Example 8 Effect of Inhibiting Influx and Cytokine Activation in the Lung on CAT Expression

[0128] Although mutation of the plasmid vector was ineffective at reducing the inflammation in the lung, it has been shown previously that injection of antibodies against Mac-1α and LFA-1 can limit the influx of neutrophils and induction of TNF-α. This method was used to determine the effect of transiently reducing the inflammatory response on CAT expression.

[0129] Neutrophil influx into the lungs of BALB-c mice was inhibited by systemic administration of a combination of the antibodies against Mac-1α and LFA-1 as described previously. See Scheule et al., Hum. Gene Ther., 8, 689-707 (1997). The monoclonal antibody recognizing murine Mac-1α (clone M1-70; ATCC; TIB 128) was generated from ascites and that recognizing LFA-1 was obtained from R & D Systems. Briefly, to inhibit neutrophil influx, 100 μl of a mixture containing 40 μl of Mac-1α ascites fluid and 40 μl of anti-LFA-1 antibody were injected by tail vein into the mice at approximately 10 min. prior to administration of the cationic lipid:pDNA complex. Mice were sacrificed at various time points post-instillation, their lungs lavaged, and the resulting BALF analyzed for cytokine levels and cell counts.

[0130] Mice were injected via the tail vein with a mixture of the two antibodies just prior to instillation of GL-67:pCF1 -CAT into the lung. Cell types and cytokines in the BALF and CAT activity in the lung were assayed at day 2 and 7 post-instillation. In mice that were pretreated with the antibodies, there was a significant decrease in the number of neutrophils; in the BALF as well as decreased levels of TNF-α, IFN-γ, and IL-12 (FIG. 9). Concomitant with this decrease in cytokine levels was a greater than 4 fold increase in CAT expression at day 2 post-instillation (FIG. 10). Approximately equivalent levels of CAT were present at day 7. These findings indicate, that by reducing the neutrophil influx and cytokine induction in the lung a significant enhancement in transgene expression could be attained.

Example 9 Effects of Modification of the pDNA Vector by Site-Directed Metagenesis Mouse Spleen Cells

[0131] 6-8 week old 8ALB-c mice were sacrificed by cervical dislocation. Spleens were excised and placed in sterile PBS on ice. To prepare single cell suspensions, the spleens were placed in a tissue culture dish in PBS and crushed between the frosted edges of two sterile microscope slides. Cells were pelleted by centrifugation at 1200 rpm for 8 min., and washed 3 times in PBS. After the final wash, the cells were resuspended in RPMI medium supplemented with 25 mM HEPES buffer, 10% fetal bovine serum, 2 mM L-glutamine, and 50 μM 2-mercaptoethanol (2-ME). The resuspended cells were then plated at 6×106 cells- ml-well in 24-well culture plates. Supernatant were collected 24 hr after addition of oligonucleotides or plasmid DNA for the measurement of cytokine (IL-12) production.

Site-Directed mutagenesis

[0132] Site-directed mutagenesis was performed using the Quick-change mutagenesis kit (Stratagene) according to the protocol supplied by the manufacturer. In general, the cytosine within the CpG dinucleotide was changed to a adenine. In some cases the guanine was changed so as not to alter the coding sequence. The mutations were confirmed by DNA sequencing.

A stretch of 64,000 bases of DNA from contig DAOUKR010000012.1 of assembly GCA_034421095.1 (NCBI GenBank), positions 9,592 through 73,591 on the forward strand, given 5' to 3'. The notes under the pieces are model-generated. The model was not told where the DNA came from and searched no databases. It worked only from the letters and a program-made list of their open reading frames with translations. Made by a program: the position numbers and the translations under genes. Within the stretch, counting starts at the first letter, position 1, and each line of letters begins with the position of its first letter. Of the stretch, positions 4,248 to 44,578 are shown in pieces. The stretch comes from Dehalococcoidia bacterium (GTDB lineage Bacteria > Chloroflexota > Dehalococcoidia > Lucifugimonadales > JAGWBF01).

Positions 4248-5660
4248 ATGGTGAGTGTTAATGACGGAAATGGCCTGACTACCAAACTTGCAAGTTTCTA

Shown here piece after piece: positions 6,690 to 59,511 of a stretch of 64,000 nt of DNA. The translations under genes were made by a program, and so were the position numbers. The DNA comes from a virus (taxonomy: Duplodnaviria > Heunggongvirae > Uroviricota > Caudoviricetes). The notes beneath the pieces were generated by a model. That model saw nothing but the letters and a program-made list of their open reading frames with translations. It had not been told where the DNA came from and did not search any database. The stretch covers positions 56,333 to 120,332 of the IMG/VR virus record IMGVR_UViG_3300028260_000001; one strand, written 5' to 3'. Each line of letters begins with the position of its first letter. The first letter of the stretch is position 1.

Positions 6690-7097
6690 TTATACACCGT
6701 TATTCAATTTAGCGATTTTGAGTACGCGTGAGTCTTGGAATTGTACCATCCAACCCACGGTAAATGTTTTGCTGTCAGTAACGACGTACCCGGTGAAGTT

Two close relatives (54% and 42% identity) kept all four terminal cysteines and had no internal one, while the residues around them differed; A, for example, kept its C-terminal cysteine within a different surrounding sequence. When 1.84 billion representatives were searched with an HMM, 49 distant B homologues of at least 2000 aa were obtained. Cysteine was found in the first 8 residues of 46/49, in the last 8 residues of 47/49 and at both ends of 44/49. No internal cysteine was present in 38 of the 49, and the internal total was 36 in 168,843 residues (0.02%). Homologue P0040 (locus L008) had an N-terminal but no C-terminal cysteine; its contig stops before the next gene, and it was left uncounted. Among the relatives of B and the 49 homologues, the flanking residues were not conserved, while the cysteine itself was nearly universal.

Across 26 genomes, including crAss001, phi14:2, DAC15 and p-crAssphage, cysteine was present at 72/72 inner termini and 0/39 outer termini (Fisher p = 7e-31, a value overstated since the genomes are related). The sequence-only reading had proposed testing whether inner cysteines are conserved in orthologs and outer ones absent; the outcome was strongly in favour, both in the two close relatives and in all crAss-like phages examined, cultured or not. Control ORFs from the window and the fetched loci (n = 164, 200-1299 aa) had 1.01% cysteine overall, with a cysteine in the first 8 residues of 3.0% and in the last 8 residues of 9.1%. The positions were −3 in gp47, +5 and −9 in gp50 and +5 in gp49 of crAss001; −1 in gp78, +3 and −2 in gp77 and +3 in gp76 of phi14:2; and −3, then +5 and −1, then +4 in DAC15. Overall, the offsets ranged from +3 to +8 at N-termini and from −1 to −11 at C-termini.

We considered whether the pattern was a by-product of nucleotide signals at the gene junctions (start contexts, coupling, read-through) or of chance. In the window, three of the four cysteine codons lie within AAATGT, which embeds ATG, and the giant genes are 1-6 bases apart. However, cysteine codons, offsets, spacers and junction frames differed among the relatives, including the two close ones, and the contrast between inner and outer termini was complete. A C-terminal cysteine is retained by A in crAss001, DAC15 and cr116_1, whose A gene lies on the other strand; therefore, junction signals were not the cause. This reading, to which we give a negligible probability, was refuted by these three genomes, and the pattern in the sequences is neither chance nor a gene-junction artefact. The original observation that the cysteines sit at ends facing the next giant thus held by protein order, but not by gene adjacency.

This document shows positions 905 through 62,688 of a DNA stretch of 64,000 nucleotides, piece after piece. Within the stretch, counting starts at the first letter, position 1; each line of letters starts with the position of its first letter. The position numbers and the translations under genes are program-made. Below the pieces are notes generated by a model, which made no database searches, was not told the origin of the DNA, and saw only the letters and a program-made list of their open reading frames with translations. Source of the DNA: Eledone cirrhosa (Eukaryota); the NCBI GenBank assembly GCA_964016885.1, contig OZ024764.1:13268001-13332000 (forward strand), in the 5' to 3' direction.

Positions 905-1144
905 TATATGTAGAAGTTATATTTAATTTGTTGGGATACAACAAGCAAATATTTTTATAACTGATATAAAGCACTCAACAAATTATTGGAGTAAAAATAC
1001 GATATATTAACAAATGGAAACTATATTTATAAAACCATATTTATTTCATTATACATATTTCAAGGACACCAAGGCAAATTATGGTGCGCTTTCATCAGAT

Plasmid Vector Construction

[0133] The vector pCFA-CAT has been described previously (see Example 1). A 2.6 kb Sph I fragment from pCFA-CAT containing the kanamycin resistance gene and replication origin region was isolated and ligated to itself to form pOri-K. To construct the CpG reduced plasmids, a 995 bp fragment encoding the 3-aminoglycosidase gene (kanamycin resistance gene) and a 721 bp fragment encoding the E. coil chloramphenicol acetyltransferase (CAT) gene were synthesized by Operon Technologies (GeneOp). A 740 bp fragment encompassing the origin of replication was amplified by the polymerase chain reaction (PCR) from pCFA. This region corresponds to nucleotides 1894 to 2633 of pUC19. The synthetic kanamycin fragment and the origin fragment were ligated to form pOri-K mut. To construct pGZA-CAT, the CAT gene from pCFA-CAT was first replaced with the synthetic CAT gene. From this construct a 2 kb Sph I fragment containing the CMV promoter, intron, synthetic CAT, and bovine growth hormone polyadenylation signal was isolated and ligated to pOri-K-mut to form pGZA-CAT.

Modification of the pDNA Vector by Site-Directed Mutagenesis

[0134] The plasmid expression vector pCFA-CAT contains the enhancer and promoter from the immediate early gene of cytomegalovirus, an intron, the E. coli chloramphenicol acetyltransferase reporter gene, the bovine growth hormone polyadenylation signal, a ColE1 replication origin region, and a kanamycin resistance gene. Counting both strands of the plasmid, there are in total 526 CpG dinucleotides (Table 1).

[0135] Site-directed mutagenesis was performed on the CpG sites within the replication origin region and kanamycin resistance gene, which contain the largest number of these sites. In most cases the CG dinucleotide was changed to a CA, with some exceptions where the mutations were designed not to alter coding sequence. Within the kanamycin resistance gene thirty two of 117 CpG sites were eliminated. Within the replication origin region many of the attempted, mutations apparently destroyed replication function, and only eight of 161 CpG sites were eliminated. To compare the relative stimulatory activity of the unmodified and mutated replication origin region and kanamycin resistance gene, fragments encompassing these regions were first amplified by the polymerase chain reaction, then equal amounts of each fragment were added to mouse spleen cells and the levels of IL-12 were measured 24 hours later. Both fragments induced high levels of IL-12 (FIG. 11), consistent with the known stimulatory activity of E. coll derived DNA. The mutated kanamycin resistance gene induced 50% less IL-12 from the mouse spleen cells compared to the unmodified gene. The mutated replication origin region also induced slightly less IL-12 compared to the unmutated region. These results indicate that reducing the number of CpG sites within a given DNA segment reduces stimulatory activity.